transhuman - photo by jeremy clarke
(Note: The book pictured is Citizen Cyborg by James Hughes, a thoughtful and compelling nonfiction analysis of the effects technological progress is likely to have on human life and culture, and the political ramifications that have to be considered in light of them. It definitely has some transhumanist bias to it, presenting most nascent technologies as ultimately liberating, but it also focuses on the importance of democratically insuring that the technologies are universally available and regulated for safety, so that the doomsday predictions of the neo-luddites won’t have to come to pass. It’s accessible, eye-opening and exciting all at once.)

4 Replies to “transhuman”

  1. okay, well just to be clear, the liberation is that of us from our limitations. Whether it’s the limitation of only communicating with those close enough to see or hear, or the limitation of having to live with the body nature randomly chose for us instead of one we actively chose for ourselves.

    As to potential alienation, this really only reflects one aspect of technology, information communication technology (i.e. internet, telephones etc.), ignoring the various other uses of technology (medical, psychological, transportation, educational). Also, of course, ICT’s, though potentially destructive of interpersonal interaction, foster other kinds of communication, creating a more diverse communicative environment on the whole. If we are careful and conscious of what we are doing, we can keep our old ways and add to them new ways, giving us more ways overall, especially for those for whom the old ways aren’t very effective (think the handicapped who’s dissabilities are irrelevant online, or the distant loved-ones who can communicate far more clearly with long-distance telephone service and webcams than with weeks-long snail mail message delivery services).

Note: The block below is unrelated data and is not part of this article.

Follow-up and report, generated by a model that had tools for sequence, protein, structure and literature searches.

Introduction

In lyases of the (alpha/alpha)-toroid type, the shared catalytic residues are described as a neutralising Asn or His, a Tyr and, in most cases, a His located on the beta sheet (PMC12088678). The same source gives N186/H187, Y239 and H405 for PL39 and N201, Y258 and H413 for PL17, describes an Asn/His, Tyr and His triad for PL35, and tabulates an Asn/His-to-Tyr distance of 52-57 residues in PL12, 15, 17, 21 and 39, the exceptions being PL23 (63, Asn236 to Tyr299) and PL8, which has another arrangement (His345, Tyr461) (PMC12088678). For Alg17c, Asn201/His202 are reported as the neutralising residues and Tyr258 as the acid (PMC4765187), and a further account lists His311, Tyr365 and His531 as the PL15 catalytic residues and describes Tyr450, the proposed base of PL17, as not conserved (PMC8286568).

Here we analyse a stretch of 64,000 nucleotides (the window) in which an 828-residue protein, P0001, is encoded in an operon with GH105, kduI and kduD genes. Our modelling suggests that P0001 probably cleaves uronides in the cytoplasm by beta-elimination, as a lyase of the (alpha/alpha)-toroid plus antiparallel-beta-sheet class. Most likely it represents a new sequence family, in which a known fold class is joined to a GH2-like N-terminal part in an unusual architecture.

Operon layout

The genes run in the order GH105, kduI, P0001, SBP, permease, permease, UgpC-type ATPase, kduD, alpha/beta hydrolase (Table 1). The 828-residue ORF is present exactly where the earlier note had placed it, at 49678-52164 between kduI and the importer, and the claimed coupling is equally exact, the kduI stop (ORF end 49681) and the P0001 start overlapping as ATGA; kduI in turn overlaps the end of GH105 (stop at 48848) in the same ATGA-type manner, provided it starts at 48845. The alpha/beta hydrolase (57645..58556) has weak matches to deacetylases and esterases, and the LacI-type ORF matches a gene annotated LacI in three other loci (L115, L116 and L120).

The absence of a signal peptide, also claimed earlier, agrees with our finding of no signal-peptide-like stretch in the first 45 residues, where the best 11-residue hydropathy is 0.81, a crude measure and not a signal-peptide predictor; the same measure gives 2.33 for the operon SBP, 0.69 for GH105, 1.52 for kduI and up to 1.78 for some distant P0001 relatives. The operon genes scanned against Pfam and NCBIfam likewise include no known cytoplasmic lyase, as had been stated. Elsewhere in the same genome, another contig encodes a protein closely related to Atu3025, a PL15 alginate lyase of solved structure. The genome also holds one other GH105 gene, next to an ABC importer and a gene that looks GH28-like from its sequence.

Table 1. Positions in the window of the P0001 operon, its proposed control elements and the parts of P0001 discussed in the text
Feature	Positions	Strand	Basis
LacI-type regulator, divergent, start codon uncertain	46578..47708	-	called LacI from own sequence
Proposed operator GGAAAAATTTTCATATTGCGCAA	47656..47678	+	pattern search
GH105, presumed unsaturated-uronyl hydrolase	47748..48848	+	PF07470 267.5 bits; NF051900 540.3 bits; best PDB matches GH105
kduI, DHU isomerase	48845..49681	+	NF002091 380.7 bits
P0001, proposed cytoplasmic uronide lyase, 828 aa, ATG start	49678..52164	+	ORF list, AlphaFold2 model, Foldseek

It’s obvious that services like MSN are potentially problematic because they can lead to more confusion and distance than understanding and connection, but ultimately the trend is towards more and more personal and life-integrative uses of any given technology. Think of the rise in popularity of Instant Messaging services compared with chat rooms, the IM’s are more personal and more likely to lead to meaningful relationships. When telegraphs were invented it would have been insulting to have a personal conversation through their wires, such deep thoughts wouldn’t have transmitted properly, but the technology evolved and we learned to make the most effective uses of it possible.

    The internet and other networks (cellphones, phones, industrial), with their moves from “home pages” to “blogs” and from bulletin boards to communities, show similar progress. From here it seems that soon the mess that is the internet now will look like a party-line run by a confused operator compared to the sleek and powerful cellular network that will be the internet of the future.

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